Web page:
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Ada Language Introduction


While exploring different computer programming languages on the Rosetta Code web site, I came across a language called Ada. The syntax looked interesting, and the code while a bit more verbose than I was used to, was understandable, and looked logical and well formed. I was intrigued!

So started a new journey of learning and exploration — primarily out of curiosity to start with. I found quite a few online resources and started to read. Consequently, for most of 2020 I have spent quite a bit of time learning more about the Ada language, and so far it has been an enjoyable journey!

Ada is a well used language, although due to the nature and purpose of many of its programs, there is a not a massive amount of ‘open source’ code, at least to the same extent as C, Python, Java, or Rust. Nonetheless, if you look, it can be found, and what is about is normally of very good quality, and written by people who are just as passionate and helpful.

Below is a brief introduction for the Ada language. There are plenty of other overviews about, but these are the key points I noted.

About the Ada Language

Ada is a general purpose compiled systems programming language. Ada is heavily used in embedded real-time systems, many of which are safety critical. While Ada is and can be used as a general-purpose language, it will also really shine in low-level applications such as:

Specific domains seeing Ada usage include aerospace, defence, civil aviation, rail, and many others. These applications require a high degree of safety: where a software defect is not just an annoyance, but may have severe consequences.

Ada code has facilitated such massive software projects such as the Space Station and the Paris Metro. These are just two examples of projects where safety is critical.

The first Ada standard was issued in 1983; it was subsequently revised and enhanced in 1995, 2005 and 2012, with each revision bringing useful new features. The current Ada languages standard is Ada2012, although a new language standard is expected soon which is anticipated to be Ada2020 (or due to COVID-19 sometime in 2021 now perhaps…).

Prior to the first released version as Ada1983, there were a number of proposed versions of Ada used for the selection of the final Ada language standard. These initial proposed versions had the code names:

The Ada language became ISO standard 8652 in 1987. The maintenance of the language is performed by the Ada Rapporteur Group (ARG) of ISO/IEC Committee SC22/WG9. The ISO standard continues to evolve and to be up dated inline with Ada language releases, with the last ISO8652 revision being provided shortly after Ada2012 was released.

The official released versions of Ada are:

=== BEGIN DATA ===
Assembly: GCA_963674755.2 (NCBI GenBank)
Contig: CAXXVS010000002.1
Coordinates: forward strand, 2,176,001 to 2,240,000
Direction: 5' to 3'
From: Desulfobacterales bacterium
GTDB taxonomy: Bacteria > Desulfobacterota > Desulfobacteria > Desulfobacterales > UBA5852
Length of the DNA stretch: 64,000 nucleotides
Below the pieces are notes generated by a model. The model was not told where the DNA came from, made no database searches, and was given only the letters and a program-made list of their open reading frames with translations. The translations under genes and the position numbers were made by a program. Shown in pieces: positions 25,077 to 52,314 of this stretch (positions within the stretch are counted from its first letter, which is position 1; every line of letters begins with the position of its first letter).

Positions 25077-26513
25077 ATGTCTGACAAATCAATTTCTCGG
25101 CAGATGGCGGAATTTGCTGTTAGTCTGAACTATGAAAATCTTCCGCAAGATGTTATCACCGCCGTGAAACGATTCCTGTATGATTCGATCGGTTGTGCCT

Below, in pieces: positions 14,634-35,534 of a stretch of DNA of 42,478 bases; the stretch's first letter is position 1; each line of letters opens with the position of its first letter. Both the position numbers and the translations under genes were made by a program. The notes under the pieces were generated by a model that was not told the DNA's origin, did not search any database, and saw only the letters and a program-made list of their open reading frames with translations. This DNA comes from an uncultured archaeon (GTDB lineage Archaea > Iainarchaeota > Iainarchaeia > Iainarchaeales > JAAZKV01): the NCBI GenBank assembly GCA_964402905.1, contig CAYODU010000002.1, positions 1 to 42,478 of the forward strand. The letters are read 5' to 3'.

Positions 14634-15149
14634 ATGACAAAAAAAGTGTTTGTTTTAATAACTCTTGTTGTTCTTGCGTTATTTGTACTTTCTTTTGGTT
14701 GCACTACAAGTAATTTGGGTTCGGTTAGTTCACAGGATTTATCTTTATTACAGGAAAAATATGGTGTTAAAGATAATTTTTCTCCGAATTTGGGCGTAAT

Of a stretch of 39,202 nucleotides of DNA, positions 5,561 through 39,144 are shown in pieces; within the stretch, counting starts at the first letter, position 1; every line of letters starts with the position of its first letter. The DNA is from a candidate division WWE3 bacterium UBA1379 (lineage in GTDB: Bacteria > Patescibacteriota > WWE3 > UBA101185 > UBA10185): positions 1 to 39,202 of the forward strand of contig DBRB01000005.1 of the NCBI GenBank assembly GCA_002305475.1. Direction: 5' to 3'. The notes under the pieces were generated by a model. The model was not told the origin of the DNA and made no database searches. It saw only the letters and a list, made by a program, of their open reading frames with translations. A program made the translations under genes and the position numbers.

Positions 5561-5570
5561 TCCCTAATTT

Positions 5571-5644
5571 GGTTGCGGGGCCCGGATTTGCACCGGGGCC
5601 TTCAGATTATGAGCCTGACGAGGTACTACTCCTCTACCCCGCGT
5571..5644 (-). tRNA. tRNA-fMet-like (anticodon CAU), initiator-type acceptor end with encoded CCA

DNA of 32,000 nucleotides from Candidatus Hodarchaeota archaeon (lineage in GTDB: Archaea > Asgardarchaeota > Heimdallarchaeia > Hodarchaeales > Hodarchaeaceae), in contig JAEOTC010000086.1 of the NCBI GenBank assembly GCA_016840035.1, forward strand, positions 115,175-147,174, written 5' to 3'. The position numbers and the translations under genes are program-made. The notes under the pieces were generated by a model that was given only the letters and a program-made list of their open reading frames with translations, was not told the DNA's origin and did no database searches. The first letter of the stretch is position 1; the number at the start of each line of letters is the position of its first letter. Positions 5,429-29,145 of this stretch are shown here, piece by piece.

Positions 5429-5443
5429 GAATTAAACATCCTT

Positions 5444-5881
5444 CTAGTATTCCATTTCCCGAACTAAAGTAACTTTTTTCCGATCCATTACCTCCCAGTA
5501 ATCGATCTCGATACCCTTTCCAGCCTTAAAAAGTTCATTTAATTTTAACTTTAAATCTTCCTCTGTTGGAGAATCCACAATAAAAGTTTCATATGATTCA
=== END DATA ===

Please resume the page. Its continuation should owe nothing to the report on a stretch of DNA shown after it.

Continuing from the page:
Other related areas or dialects are Ravenscar Profile and SPARK. The Ravenscar profile was added into Ada 2005, and enables the development of real-time programs with predictable behaviour. SPARK is a well defined subset of the Ada language that uses contracts to describe the specification of components to add support for both static and dynamic verification. Both these are separate topics in their own right.

The language is an international standard. The open source GCC compiler suite includes support for Ada as gnat.

This open source Ada compiler is also offered commercially as GNATPro from a company called AdaCore. AdaCore also contributes significant development from its commercial versions back into the open source GCC GNAT version, as well as offering many ‘Community’ versions of their tools as well.

Key Features of the Ada Language

Ada is a multi-paradigm language supporting object orientation and some elements of functional programming. Its main core focus however is imperative (or procedural) much the same as the C language.

The source code of Ada is case-insensitive, unlike most other languages. Ada is a statically typed language, so assuring code safety. It is also nominativeand strongly typed. Ada supports tasks naively that are used to support multiple CPU computer processors. It has a full runtime library that was seen as large at one time, but compared to modern languages is now quite small.

Ada includes both static checking performed by the Ada compiler, and dynamic checking — carried out through code assertions.

Some of the stated downsides of Ada language use are that it is sometimes perceived as complex — when compared with the C language. Ada has a large standards based specifications, making it complex to understand fully. There are a lots of types — for example there are more than ten types for String alone. It is designed by committee which is often seen negatively - but could quite easily be seen as a benefit too in some development scenarios… Many of these negatives are now outdated, but often persist as views perpetuated on the internet still.

To me Ada is robust, flexible, modern, clearly defined, builds fast statically compiled programs, and is fun to work with. As a hobby programmer I get to pick from any and all available languages, and Ada is certainly my favourite so far!

How to Get More Information

More information and support for installing Ada can be found at the site:

The AdaCore tools and libraries are all on GitHub here:

There are plenty of good articles for more background on Ada such as:

One great free resource to learn the Ada language so you can write your own programs is available here:

You can also download a nice PDF book to read of the above course here:

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